The body talks. A person communicates in a lot of ways, non verbally: posture is one of them.
The other non-verbal ways you use to express yourself are:
In some situations, you might be avoidant of eye contact. Whether is due to a possible shyness or for the need of hiding something. Or maybe that creepy way of staring as if they want to suck out all your energy? And the nicest: that feeling you get when someone looks in your eyes and you feel like spiritual home as if that person sees your essence whats’s really important to you? Well, that’s body talk.
No need to explore this much deeper: are those expressions you make when you taste something bitter when you’re dazzled with whatever makes you shine or when you get a wasp sting…
The gestures you use when you talk. If you use a lot of your hands when speaking, to make a picture of what you’re saying… Of course, this varies a lot according to your cultural environment.
Do walk or stand straight? Do you walk as if you were carrying a burden? Your shoulders: are they curve inside, as if they were protecting the chest? Do your eyes show too much white In the lower part (that’s is a consequence of your posture, bent neck?
Your vital space is that physical distance that you need to have between you and the person. You know: when you don’t like that person because was “talking too close” and it’s annoying? Well, that’s your vital space being invaded. Some people do it because they are inconvenient and don’t know. Others do it because they want to be inconvenient, and intentional.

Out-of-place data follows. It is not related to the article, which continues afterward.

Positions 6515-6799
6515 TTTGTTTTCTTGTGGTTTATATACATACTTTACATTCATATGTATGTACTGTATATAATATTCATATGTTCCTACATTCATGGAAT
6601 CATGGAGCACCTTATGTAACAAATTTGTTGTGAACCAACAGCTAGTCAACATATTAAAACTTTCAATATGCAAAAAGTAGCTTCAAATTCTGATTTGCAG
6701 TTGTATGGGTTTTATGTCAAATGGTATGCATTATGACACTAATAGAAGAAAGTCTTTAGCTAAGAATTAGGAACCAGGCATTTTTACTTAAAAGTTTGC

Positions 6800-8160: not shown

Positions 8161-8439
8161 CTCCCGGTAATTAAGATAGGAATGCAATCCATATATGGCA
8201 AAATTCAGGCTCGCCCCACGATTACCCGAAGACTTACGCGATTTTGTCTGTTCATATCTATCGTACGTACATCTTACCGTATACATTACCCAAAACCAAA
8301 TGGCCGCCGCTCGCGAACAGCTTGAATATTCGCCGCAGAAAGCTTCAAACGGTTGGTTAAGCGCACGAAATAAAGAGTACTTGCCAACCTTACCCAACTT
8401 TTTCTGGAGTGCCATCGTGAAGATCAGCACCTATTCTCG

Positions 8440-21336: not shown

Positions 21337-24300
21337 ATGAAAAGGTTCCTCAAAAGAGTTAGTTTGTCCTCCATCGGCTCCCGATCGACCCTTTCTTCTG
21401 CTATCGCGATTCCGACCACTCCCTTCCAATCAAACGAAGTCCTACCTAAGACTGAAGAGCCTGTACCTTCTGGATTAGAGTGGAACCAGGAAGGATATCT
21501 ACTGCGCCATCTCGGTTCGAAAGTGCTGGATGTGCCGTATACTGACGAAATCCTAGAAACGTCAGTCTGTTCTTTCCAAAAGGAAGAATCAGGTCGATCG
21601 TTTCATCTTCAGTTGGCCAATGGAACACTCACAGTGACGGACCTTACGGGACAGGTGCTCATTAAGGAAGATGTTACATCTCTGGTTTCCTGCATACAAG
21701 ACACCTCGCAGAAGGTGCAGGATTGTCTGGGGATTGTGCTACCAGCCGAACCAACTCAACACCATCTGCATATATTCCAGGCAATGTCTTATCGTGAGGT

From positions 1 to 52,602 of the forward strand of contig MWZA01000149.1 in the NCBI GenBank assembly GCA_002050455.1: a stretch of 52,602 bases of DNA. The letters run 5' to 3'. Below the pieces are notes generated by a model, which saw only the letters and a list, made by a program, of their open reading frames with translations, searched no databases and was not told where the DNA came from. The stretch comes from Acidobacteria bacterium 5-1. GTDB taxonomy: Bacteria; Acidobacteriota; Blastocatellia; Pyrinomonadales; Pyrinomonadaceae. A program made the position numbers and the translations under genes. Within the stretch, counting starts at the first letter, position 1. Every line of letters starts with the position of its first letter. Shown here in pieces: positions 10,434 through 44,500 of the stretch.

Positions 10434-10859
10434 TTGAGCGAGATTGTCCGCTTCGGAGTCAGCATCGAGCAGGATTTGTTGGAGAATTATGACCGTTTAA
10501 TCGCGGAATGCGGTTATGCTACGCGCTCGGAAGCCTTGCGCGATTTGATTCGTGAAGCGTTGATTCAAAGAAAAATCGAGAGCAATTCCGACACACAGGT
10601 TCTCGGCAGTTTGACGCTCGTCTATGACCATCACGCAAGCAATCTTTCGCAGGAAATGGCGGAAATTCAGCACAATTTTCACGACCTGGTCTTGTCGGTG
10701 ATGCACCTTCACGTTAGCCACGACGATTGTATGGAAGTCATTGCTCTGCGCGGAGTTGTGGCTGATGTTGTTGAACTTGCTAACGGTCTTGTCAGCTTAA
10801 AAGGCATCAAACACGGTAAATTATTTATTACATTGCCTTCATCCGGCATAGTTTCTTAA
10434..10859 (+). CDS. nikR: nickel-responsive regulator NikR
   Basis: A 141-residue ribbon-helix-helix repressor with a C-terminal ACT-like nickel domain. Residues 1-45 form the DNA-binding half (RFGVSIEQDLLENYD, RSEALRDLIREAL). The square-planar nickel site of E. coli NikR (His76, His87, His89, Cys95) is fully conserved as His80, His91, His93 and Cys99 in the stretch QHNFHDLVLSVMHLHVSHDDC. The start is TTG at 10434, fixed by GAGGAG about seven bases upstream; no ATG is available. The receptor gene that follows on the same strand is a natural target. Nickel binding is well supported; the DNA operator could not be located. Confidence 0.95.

For instance: your hand-shake. Firm or loose. Or that touch-person who has to be touching you when they’re talking to you, to reinforce something or just to make sure that is real, so they have to touch. Might be inconvenient if there isn’t closeness. Not at all appropriate in some work environments, unless you are friends.
It’s not what you say, is how you say it: the tone, the cadence, or speed. That’s body talk too.
But the subject here between you and me is posture. And nothing else matters, for now.
Posture: why is it important?
1. The importance of posture in your mindset
But it also has a behavior meaning as in attitude.
One thing is for certain: your posture is all bout your spinal column. It sustains your limbs and keeps your head in its place. That said in an informal way.
In a neurological approach, the spinal column protects your bone marrow which is an important part of your central nervous system: it receives and sends back information to your brain.
Your posture is not just a physical matter. Is also behavioral.
“The physical state of the body affects embodied attitudes, which in turn affects behavior. And behavioral change involving the physical affects the body” as you may want to deepen a little in this article on BodyZone.com
In sum: your postures affect your attitude as well as your perception of things.
The contrary is also true: your mental attitude has its reflection in your body posture.
You walk straight, you feel more confident. You feel more confident you think clear and more optimistic: When you change your perception of things, more easily you find solutions for your challenges.